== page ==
libyaLibya is located in North Africa on the southern coast of the Mediterranean Sea, with about 1,770 kilometer long coastline. Its capital is Tripoli, and the country’s population is more than six million. Much of Libya is covered by an extremely arid desert, where very high temperatures prevail and rain is a rare phenomenon. The major source of Libya’s foreign earnings is its oil sector, constituting about 80 percent of the national GDP and about 97 percent of the exports.  Libya is known for its lengthy and costly but unique Great Man-Made River project that was initiated years ago, with the objective of transporting underground water from the southern desert aquifers to the northern area which has fertile soils, and where most of the country’s population lives.

Context

Context

Libya was under UN sanctions for seven years, which were lifted only in 2002. A bloody civil war and ensuing international armed intervention in 2011 changed a 42-year old regime as well as the national flag. The country is divided into 22 administrative districts (baladiayat).

The agriculture was considered as an important economic sector in Libya until the oil was discovered in the early 1960s. The oil export suddenly became the major driving force for the country’s economy, dwarfing the government’s interest in developing the agricultural sector, which resulted in enormous food imports. Lately, more attention is being given to agriculture due to increasing threats of food insecurity. A large number of foreign laborers, who had been living in Libya for years, have left the country due to armed crisis, affecting the agricultural production.

The only arable land of Libya is located along the Mediterranean coast, in the eastern region. Cereals, fodder crops and some fruits are grown in the relatively small rain-fed area while the coastal, irrigated area is devoted to the cultivation of vegetables (potatoes, onion, tomatoes), fruits (watermelons, oranges, dates, grapes, olives), and cereals (wheat, barley). Most of the farms are small, ranging from five to 20 hectares in size. A trend to move from subsistence to mechanized farming has been observed. Fisheries and livestock (mainly sheep and goat but also camels, cows and poultry) are important economic sub-sectors. Almost all agricultural institutions have been subjected to significant government control and interventions for many years.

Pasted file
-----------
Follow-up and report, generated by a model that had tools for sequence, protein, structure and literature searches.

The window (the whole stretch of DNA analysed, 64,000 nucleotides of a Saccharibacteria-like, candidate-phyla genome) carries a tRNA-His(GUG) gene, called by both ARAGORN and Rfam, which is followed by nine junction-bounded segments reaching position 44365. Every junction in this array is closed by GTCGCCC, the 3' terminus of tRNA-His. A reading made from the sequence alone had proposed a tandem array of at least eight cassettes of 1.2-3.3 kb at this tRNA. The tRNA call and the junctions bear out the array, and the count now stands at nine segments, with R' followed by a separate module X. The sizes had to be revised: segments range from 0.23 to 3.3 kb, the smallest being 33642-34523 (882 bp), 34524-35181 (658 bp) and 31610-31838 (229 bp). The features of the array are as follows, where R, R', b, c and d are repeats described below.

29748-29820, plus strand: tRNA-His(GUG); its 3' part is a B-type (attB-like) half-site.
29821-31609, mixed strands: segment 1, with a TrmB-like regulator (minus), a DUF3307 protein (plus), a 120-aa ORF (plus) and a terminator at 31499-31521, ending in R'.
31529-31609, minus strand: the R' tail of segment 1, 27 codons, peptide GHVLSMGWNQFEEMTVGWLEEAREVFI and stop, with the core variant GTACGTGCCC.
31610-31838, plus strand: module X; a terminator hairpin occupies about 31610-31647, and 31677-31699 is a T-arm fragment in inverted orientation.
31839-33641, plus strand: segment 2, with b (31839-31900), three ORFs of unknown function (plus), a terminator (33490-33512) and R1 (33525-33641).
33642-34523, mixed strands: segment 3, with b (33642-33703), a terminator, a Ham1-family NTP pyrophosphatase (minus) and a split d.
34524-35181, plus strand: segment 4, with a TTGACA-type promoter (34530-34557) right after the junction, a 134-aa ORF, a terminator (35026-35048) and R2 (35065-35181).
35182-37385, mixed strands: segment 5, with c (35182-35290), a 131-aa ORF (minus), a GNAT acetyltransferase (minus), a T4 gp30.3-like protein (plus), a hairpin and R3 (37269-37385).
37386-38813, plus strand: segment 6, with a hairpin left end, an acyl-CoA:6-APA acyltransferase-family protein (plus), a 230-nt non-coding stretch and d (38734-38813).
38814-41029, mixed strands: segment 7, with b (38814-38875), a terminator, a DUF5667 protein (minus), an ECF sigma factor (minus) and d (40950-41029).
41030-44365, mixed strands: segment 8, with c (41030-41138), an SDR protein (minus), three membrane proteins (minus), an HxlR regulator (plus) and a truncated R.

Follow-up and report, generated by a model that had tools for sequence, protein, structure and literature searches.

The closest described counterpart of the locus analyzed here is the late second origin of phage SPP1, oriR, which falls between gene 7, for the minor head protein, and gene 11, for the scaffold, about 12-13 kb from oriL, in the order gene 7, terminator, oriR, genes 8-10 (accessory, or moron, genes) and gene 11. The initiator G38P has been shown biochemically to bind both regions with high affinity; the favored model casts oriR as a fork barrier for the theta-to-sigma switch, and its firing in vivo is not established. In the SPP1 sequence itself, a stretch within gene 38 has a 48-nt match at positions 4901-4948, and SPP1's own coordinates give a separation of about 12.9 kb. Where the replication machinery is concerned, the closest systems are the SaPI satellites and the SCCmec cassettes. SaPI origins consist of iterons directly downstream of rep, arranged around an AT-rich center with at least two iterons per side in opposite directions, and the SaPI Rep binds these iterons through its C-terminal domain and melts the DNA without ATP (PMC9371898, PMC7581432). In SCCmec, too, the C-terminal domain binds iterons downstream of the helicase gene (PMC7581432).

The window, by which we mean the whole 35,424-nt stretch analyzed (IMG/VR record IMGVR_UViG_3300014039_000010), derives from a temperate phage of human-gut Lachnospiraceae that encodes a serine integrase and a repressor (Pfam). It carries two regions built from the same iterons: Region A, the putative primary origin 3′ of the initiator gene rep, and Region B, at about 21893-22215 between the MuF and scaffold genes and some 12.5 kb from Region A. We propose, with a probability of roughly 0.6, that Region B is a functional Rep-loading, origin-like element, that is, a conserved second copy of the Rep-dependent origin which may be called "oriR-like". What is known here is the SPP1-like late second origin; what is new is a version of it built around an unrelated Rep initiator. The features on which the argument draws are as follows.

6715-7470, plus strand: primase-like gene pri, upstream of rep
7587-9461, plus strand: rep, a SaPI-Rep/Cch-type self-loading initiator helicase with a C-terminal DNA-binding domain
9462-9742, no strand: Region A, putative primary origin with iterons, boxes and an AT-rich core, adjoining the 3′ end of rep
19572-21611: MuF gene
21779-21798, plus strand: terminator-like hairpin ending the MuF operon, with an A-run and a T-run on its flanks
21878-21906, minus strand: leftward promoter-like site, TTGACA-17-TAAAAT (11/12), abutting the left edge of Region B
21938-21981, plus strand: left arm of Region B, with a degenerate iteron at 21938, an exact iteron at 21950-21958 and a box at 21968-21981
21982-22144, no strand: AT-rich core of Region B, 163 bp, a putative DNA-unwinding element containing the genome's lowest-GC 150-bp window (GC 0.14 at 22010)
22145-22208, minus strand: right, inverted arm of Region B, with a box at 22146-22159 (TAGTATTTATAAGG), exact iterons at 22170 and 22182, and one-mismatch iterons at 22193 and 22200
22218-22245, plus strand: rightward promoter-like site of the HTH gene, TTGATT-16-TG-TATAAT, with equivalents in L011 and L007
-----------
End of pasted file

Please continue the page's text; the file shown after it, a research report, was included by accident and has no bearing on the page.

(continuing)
Key Statistics and Indicators

Indicator

Value

Year  

Agricultural land (sq km)

Agricultural land (% of land area)

Arable land (hectares)

Arable land (% of land area)

Arable land (hectares per person)

155,850

8.85

1,750,000

0.99

0.28

2011

2011

2011

2011

2011

Fertilizer consumption (kg per hectare of arable land)

40.26

2009

Agriculture, value added (% of GDP)

Food production index (2004-2006 = 100)

Food exports (% of merchandise exports)

Food imports (% of merchandise imports)

1.86

111.22

-0-

12.13

2008

2011

2010

2010

GNI per capita, Atlas method (current US$)

12,930

2009

Literacy rate, adult total (% of people ages 15 and above)

Literacy rate, youth female (% of females ages 15-24)

Literacy rate, youth male (% of males ages 15-24)

Ratio of young literate females to males (% ages 15-24)

Ratio of female to male secondary enrollment (%)

89.20

99.82

99.93

99.88

117.63

2010

2010

2010

2010

2006

Mobile cellular subscriptions (per 100 people)

Internet users (per 100 people)

155.69

16.99

2011

2011

Population, total

Population density (people per sq. km of land area)

Rural population

Rural population (% of total population)

Agricultural population (% of total population)*

Total economically active population

Total economically active population in agriculture*

Total economically active population in agriculture (in %

    of total economically active population)

Female economically active population in agriculture (% of

     total economically active population in agriculture)*

6,154,623

3.46

1,359,740

22.09

193,000

2,300,237

71,000

3.08

70.42

2012

2011

2012

2012

2010

2011

2010

2010

2010

Sources: The World Bank; *Food and Agriculture Organization of the United Nations FAO

Acknowledgements

  • Authored by M. Kalim Qamar (September 2013)
  • Edited by Burton E. Swanson

 

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